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SEC opens bribery investigation into JPMorgan’s Chinese operations

The investigation reportedly concerns hiring officials’ children in exchange for contracts

Just one week after two employees were charged in the “London Whale” bank records scandal, JPMorgan Chase & Co. has run afoul of the U.S. government once again. This time, however, the company’s issues come from another continent.

The Securities and Exchange Commission has opened a bribery investigation into JPMorgan’s Chinese operations. Reportedly, the investigation centers on allegations the bank hired the children of high-ranking Chinese government officials to secure important contracts.

According to The New York Times, a JPMorgan filing from earlier this month says U.S. investigators are looking into “business relationships with certain clients.” In one instance, JPMorgan reportedly hired a former banking regulator’s son who later became chairman of the China Everbright Group, a state-controlled financial conglomerate. After this hire, the company then received multiple coveted assignments from the Chinese government.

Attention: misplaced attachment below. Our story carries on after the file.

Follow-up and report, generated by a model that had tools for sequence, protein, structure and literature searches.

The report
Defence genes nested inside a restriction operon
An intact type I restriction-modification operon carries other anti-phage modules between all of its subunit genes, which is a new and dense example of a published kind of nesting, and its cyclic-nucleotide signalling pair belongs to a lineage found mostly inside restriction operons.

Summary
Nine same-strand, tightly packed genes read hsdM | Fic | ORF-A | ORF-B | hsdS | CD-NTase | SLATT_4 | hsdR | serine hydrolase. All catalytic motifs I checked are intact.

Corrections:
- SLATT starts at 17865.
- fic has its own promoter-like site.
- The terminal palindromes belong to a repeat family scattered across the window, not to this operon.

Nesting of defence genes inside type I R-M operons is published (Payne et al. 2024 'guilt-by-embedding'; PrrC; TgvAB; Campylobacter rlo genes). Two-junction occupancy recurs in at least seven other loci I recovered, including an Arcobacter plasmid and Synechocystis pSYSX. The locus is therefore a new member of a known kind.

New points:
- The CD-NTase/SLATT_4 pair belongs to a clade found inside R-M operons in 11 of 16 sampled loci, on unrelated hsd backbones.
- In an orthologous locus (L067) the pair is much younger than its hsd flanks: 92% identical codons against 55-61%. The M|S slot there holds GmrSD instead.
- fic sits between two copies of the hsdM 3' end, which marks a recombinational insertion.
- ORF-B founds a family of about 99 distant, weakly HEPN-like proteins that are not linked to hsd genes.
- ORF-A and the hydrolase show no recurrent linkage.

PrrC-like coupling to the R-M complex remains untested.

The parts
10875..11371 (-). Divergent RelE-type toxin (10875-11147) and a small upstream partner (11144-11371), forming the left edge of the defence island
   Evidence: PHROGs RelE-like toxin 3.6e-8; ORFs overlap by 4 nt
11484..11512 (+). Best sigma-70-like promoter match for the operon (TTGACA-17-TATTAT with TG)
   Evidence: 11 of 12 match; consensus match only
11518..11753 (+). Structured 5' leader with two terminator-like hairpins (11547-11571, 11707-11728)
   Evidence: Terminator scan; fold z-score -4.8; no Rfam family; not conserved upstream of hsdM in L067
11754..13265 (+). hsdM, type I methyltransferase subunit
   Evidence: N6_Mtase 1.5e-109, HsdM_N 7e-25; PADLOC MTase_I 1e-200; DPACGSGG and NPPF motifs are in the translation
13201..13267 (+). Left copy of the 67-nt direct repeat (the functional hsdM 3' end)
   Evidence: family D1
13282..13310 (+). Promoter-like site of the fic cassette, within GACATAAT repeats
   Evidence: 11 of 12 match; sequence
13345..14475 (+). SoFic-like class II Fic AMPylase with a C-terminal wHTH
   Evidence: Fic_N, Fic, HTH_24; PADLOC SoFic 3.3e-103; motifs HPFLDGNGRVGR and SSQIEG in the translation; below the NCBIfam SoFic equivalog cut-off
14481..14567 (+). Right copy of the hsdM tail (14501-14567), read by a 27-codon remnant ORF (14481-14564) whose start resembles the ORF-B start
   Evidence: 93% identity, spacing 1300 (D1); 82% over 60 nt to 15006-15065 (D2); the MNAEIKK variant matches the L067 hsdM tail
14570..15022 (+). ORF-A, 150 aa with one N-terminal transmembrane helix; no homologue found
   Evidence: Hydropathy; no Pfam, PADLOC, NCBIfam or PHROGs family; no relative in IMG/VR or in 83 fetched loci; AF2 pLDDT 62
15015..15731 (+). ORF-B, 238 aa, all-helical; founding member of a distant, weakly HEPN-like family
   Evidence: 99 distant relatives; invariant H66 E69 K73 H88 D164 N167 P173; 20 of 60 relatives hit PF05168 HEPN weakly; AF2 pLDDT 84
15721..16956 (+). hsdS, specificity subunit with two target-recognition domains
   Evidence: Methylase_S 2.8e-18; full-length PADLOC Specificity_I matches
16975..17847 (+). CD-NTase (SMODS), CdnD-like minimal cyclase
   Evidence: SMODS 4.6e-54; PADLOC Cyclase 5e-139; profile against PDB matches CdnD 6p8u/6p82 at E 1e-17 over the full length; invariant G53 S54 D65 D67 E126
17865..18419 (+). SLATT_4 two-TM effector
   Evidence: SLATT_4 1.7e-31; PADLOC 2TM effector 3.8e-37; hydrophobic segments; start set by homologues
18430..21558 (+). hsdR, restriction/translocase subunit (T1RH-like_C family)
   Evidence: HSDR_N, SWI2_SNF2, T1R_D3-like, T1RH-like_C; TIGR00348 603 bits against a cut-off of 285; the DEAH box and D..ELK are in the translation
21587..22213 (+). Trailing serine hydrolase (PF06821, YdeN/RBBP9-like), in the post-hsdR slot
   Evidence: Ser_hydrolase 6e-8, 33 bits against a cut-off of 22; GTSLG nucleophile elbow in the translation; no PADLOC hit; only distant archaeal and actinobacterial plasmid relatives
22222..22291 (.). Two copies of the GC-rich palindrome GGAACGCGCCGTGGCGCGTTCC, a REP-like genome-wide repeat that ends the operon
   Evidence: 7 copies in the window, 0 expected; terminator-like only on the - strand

In another example, JPMorgan’s Hong Kong office hired a Chinese railway official’s daughter. This official was later accused of exchanging government contracts for cash bribes, according to public documents. Around the same time, the state-owned China Railway Group selected JPMorgan to advise its plans to become a public company. With the bank’s help, China Railway raised more than $5 billion when it went public in 2007.

A spokesman for JPMorgan says the company is “fully cooperating with regulators.”

 

For more of JPMorgan’s troubles, check out these InsideCounsel articles:

U.S. said to plan charges against ex-JPMorgan employees in bank records scandal

JPMorgan to pay $410 million in record energy settlement

California sues JPMorgan over debt collection practices

JPMorgan must face lawsuit over Lehman investments

JPMorgan, Credit Suisse settle mortgage bond charges for $417 million

Assistant Editor

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Zach Warren

Zach Warren is Assistant Editor of InsideCounsel magazine, where he oversees online content submissions and administers InsideCounsel's enewsletters. Zach specializes in new media and multimedia...

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